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Many weigh in on St. Petersburg Police Department's leadership

St. Petersburg’s search firm has received 54 resumes as of Monday as it looks for a new police chief, says Ben Kirby, the mayor’s communication director.

JAMES BORCHUCK | Times (2011) 

St. Petersburg’s search firm has received 54 resumes as of Monday as it looks for a new police chief, says Ben Kirby, the mayor’s communication director.

ST. PETERSBURG — Mayor Rick Kriseman has said over and over again that he wants input on the selection of a new police chief.

More and more people have taken him up on that offer recently.

In the weeks since controversy over promotions and race relations at the Police Department erupted, a handful of officers sent emails to the mayor expressing their frustration as well as outlining what type of leader they want next.

"For far too long this agency has gone without a strong leader as chief," police union president Mark Marland wrote to Kriseman late last month. "When law enforcement officers respect their chief they will go out every day and give 110%, when they have a chief they do not feel supports them they will perform but there is a big difference between giving 110% and being minimally acceptable."

Several officers also vehemently denied recent accusations of racial strife within the agency, a situation that boiled over after a group of black community leaders and officers — including Assistant Police Chief Luke Williams — met March 11 at a church to air concerns, leading Deputy Mayor Kanika Tomalin to put pending promotions on hold.

"I know that every business and department in some way has its issues with people getting preferential treatment or passed up, but to come out and hold meetings privately and bash each other over topics and accusations based on race and unfairness because of race is absolutely childish, unprofessional, embarrassing, insulting, and hindering to the progression for change and equality," acting Sgt. Ricardo Lopez wrote. "The last few weeks have been a giant leap backwards in our progression and we need to move back forward."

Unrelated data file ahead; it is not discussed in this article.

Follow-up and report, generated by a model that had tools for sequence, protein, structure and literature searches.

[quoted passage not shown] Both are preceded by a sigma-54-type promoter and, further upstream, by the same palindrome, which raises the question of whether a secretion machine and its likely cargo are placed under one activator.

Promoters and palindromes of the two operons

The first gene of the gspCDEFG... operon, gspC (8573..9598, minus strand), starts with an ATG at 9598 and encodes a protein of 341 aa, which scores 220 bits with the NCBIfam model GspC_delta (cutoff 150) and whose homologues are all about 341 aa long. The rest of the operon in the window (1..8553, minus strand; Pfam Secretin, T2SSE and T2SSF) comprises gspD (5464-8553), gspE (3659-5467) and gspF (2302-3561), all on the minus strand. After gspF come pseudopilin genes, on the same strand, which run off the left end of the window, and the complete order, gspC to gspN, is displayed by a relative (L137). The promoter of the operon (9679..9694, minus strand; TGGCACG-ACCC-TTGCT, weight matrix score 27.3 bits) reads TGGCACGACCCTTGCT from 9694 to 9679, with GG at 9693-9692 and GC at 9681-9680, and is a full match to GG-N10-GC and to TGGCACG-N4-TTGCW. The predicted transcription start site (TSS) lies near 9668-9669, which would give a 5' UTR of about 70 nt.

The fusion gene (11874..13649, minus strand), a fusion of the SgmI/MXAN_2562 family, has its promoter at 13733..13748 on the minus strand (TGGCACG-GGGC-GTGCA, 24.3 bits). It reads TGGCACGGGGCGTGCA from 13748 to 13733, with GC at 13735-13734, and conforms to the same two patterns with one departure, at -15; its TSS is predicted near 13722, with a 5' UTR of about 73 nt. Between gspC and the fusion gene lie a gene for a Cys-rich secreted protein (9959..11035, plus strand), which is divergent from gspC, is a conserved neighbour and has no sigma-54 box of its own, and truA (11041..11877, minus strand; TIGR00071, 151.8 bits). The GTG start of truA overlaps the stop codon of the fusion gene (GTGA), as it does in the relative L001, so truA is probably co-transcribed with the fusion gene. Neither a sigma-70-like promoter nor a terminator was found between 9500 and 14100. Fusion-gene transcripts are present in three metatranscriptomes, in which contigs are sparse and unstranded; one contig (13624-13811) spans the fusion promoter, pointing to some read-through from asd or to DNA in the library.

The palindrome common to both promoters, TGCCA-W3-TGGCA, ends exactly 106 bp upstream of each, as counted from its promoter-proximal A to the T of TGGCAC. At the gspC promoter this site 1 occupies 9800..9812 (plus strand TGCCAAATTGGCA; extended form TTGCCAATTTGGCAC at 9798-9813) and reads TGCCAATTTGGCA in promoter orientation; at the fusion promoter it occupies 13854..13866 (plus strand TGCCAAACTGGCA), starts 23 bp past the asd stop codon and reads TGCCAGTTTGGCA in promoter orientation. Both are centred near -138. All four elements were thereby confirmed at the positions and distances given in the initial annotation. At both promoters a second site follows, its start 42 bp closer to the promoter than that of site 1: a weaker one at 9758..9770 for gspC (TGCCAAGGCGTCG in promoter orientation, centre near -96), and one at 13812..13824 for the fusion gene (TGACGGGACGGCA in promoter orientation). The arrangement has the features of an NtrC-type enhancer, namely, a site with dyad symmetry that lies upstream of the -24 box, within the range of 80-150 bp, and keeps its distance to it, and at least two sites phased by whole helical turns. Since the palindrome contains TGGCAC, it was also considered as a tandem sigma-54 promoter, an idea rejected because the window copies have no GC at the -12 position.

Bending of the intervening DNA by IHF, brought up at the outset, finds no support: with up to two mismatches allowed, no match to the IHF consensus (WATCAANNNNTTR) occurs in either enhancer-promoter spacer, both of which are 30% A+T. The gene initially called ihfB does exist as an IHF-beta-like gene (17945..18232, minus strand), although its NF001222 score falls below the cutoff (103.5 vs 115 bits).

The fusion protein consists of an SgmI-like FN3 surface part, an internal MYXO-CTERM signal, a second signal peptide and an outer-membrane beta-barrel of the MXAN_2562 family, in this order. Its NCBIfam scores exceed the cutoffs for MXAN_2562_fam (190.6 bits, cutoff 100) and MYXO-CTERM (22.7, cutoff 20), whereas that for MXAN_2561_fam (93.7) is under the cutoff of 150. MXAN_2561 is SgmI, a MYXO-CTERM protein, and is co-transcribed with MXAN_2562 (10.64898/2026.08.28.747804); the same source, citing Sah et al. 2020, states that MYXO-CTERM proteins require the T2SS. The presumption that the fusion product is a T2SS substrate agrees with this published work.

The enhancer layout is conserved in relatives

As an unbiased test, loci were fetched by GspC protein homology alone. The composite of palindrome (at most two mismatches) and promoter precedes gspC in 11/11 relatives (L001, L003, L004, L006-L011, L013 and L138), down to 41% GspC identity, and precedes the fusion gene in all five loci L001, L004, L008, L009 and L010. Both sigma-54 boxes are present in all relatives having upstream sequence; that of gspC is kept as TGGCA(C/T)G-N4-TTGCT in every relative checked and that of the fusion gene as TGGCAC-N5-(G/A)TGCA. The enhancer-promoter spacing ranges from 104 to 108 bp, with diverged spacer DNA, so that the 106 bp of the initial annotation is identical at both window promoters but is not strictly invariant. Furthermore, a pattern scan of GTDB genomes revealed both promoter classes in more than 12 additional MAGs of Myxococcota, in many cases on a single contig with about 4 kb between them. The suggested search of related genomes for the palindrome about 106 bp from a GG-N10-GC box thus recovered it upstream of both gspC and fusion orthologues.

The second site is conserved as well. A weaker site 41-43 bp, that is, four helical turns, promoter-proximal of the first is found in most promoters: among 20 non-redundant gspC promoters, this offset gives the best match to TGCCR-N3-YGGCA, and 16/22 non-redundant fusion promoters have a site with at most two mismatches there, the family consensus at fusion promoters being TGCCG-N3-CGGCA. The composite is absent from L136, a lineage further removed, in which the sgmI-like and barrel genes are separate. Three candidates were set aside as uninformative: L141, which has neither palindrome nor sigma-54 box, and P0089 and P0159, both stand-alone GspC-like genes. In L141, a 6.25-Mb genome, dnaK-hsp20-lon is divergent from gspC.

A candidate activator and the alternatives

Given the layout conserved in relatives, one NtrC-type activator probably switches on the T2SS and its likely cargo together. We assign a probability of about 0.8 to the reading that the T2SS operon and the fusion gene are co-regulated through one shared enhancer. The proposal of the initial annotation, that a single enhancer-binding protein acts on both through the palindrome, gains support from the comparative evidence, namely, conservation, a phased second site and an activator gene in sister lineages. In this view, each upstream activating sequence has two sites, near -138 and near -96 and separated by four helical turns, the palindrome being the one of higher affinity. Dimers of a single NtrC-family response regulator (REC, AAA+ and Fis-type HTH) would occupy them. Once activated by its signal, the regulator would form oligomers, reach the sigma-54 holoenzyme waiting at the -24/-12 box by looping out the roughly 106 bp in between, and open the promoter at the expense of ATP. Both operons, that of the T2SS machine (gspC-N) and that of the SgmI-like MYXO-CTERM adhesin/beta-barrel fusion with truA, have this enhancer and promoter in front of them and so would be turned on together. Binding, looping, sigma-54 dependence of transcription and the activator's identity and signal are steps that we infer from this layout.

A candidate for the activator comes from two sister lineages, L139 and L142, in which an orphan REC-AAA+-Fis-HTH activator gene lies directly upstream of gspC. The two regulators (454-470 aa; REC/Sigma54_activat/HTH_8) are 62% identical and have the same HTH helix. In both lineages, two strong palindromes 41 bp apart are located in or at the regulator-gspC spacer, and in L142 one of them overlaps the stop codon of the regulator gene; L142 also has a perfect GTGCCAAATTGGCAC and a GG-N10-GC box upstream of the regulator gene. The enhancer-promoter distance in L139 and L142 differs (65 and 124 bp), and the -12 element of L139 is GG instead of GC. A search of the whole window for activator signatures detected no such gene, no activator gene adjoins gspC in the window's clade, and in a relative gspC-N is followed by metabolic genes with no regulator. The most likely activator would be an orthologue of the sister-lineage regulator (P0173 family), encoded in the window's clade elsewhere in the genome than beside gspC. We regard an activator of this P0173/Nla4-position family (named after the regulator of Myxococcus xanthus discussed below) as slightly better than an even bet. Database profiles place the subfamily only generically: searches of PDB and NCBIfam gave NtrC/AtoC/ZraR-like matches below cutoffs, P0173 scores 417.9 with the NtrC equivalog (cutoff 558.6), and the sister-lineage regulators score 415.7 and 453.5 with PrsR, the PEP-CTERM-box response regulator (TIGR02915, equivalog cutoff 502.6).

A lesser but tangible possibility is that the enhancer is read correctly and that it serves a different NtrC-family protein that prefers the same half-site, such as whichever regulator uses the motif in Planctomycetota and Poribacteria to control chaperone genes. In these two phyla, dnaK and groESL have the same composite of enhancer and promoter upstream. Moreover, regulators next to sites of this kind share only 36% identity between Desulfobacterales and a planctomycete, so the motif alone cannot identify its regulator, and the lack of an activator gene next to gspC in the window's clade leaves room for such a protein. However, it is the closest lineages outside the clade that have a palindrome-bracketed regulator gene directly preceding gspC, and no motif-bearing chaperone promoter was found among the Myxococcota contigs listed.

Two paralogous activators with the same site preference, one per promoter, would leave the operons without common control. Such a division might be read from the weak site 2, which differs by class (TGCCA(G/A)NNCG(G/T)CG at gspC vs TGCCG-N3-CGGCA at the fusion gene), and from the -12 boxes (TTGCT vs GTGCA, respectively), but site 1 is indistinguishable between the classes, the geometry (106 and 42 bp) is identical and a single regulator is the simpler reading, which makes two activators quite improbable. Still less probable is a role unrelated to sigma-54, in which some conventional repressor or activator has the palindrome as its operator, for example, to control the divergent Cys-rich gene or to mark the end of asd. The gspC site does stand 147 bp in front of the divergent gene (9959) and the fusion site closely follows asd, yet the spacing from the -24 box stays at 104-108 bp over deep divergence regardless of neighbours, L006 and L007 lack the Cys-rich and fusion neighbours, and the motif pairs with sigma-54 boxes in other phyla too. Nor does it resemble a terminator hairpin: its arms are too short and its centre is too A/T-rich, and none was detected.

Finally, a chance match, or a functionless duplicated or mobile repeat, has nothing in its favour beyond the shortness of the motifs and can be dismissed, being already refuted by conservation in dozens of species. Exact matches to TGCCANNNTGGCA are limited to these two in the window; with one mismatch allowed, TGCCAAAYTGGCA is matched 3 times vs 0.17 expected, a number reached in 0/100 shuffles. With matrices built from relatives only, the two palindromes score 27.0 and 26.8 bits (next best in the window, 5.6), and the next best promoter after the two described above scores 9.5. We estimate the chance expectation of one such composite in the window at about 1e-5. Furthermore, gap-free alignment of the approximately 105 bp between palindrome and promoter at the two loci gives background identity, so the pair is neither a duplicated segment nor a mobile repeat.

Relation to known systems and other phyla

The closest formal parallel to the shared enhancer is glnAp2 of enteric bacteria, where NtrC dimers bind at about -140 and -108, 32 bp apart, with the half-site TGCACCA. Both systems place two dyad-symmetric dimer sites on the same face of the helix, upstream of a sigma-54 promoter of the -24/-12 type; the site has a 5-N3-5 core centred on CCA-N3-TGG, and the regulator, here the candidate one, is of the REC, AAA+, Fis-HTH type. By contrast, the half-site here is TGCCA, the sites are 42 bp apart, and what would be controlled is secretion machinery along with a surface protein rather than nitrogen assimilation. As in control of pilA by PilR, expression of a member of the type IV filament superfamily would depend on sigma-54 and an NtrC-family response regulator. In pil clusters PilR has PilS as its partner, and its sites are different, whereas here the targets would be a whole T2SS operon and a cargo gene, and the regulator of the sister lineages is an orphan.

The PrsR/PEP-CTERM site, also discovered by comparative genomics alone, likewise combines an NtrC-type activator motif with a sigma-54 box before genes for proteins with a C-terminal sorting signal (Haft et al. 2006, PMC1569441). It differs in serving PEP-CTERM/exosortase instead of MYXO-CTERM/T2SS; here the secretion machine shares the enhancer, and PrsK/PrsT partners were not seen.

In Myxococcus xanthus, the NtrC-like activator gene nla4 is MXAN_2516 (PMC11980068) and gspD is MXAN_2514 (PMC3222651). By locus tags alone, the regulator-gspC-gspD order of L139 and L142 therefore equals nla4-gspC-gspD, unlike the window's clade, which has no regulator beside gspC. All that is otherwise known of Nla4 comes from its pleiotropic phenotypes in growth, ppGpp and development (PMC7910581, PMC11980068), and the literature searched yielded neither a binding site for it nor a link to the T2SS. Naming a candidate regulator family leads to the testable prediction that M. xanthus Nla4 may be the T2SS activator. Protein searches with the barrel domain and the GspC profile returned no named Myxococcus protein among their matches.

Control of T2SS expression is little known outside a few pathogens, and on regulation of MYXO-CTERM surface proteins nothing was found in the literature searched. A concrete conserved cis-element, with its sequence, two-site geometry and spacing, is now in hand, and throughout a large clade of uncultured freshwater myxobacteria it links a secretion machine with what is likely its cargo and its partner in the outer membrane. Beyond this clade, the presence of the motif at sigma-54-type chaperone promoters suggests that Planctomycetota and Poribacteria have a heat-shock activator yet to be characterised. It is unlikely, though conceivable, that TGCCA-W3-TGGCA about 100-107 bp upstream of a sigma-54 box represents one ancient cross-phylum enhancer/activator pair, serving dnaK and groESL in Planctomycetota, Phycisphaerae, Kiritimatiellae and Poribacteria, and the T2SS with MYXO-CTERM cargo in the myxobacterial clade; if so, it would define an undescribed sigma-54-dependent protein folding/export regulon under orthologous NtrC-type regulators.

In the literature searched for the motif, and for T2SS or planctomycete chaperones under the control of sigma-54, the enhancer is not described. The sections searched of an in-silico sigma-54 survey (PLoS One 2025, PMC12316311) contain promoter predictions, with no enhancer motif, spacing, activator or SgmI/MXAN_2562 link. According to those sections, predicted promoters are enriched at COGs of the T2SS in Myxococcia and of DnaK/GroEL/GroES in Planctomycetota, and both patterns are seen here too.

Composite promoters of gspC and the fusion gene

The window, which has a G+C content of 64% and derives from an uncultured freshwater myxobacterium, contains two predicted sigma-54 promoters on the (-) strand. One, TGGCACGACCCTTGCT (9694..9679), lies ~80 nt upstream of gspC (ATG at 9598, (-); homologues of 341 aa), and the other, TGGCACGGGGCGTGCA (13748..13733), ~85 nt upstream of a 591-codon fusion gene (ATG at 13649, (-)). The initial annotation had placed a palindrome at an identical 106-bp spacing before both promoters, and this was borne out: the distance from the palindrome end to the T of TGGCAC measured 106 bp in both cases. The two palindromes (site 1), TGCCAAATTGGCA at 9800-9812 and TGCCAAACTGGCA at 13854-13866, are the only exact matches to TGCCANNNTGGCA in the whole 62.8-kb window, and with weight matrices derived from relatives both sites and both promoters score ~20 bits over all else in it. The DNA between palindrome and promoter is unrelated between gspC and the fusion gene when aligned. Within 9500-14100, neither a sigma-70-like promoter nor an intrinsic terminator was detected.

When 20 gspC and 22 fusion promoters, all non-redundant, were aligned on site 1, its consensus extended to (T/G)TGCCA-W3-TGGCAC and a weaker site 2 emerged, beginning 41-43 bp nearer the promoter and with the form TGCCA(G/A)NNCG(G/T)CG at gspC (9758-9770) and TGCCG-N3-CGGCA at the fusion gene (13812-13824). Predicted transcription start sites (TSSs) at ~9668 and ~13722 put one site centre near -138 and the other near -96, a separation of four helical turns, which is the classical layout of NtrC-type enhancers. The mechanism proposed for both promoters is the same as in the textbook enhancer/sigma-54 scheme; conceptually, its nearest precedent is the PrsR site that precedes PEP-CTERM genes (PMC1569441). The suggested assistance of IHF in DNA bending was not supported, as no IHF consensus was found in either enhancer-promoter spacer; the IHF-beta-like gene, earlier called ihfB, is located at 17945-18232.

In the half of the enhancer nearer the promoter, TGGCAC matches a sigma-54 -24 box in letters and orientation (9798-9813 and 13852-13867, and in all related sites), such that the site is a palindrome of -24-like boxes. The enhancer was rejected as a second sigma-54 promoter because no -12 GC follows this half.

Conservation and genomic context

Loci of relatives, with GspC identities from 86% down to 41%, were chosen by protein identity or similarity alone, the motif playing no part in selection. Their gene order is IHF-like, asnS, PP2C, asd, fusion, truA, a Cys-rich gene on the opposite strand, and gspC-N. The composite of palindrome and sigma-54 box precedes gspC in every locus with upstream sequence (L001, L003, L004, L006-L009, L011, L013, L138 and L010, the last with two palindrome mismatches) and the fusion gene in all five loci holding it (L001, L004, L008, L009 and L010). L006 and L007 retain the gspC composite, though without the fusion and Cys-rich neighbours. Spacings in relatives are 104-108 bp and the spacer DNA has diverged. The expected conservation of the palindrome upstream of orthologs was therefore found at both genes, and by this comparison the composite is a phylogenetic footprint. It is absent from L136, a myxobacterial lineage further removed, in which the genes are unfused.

The officers' letters are another example of the intense chatter about the department that has been going on for months. That discourse, whether private or public, isn't likely to fade any time soon.

The mayor is fine with that.

"Even before what happened two weeks ago, we were interested in knowing what people want in a new chief," Kriseman said recently. "I'm very pleased they feel comfortable. We want to hear from them."

Meanwhile, the mayor said, the city will still move forward with an outside audit of the promotion process.

Officials expect to finalize a deal as soon as this week with CPA firm Mayer Hoffman McCain, said City Administrator Gary Cornwell. The company is familiar with St. Petersburg, having just completed the city's annual external financial audit.

A final price has not yet been agreed upon.

"The gist of it really is, we're just looking for a review to make sure all the procedures and all the scoring was done correctly and accurately," Cornwell said. "We're probably looking at something between $10,000 and $20,000."

Once the deal is inked, the auditors would likely begin right away, Cornwell said.

"I would hope it would be done within three to four weeks," he said.

The promotions review is not expected to hold up the police chief search, Cornwell said.

The Mercer Group, a head-hunting firm the mayor selected to conduct the search, is busy accepting applications for the post. As of Monday, 54 resumes had been received, said Ben Kirby, the mayor's communication director.

Four were from people who already applied last fall.

Mercer is collecting candidate applications until April 11. A new chief is expected to be picked before summer.

Kameel Stanley can be reached at, (727) 893-8643 or @cornandpotatoes on Twitter.

Many weigh in on St. Petersburg Police Department's leadership 03/31/14 [Last modified: Monday, March 31, 2014 9:45pm]
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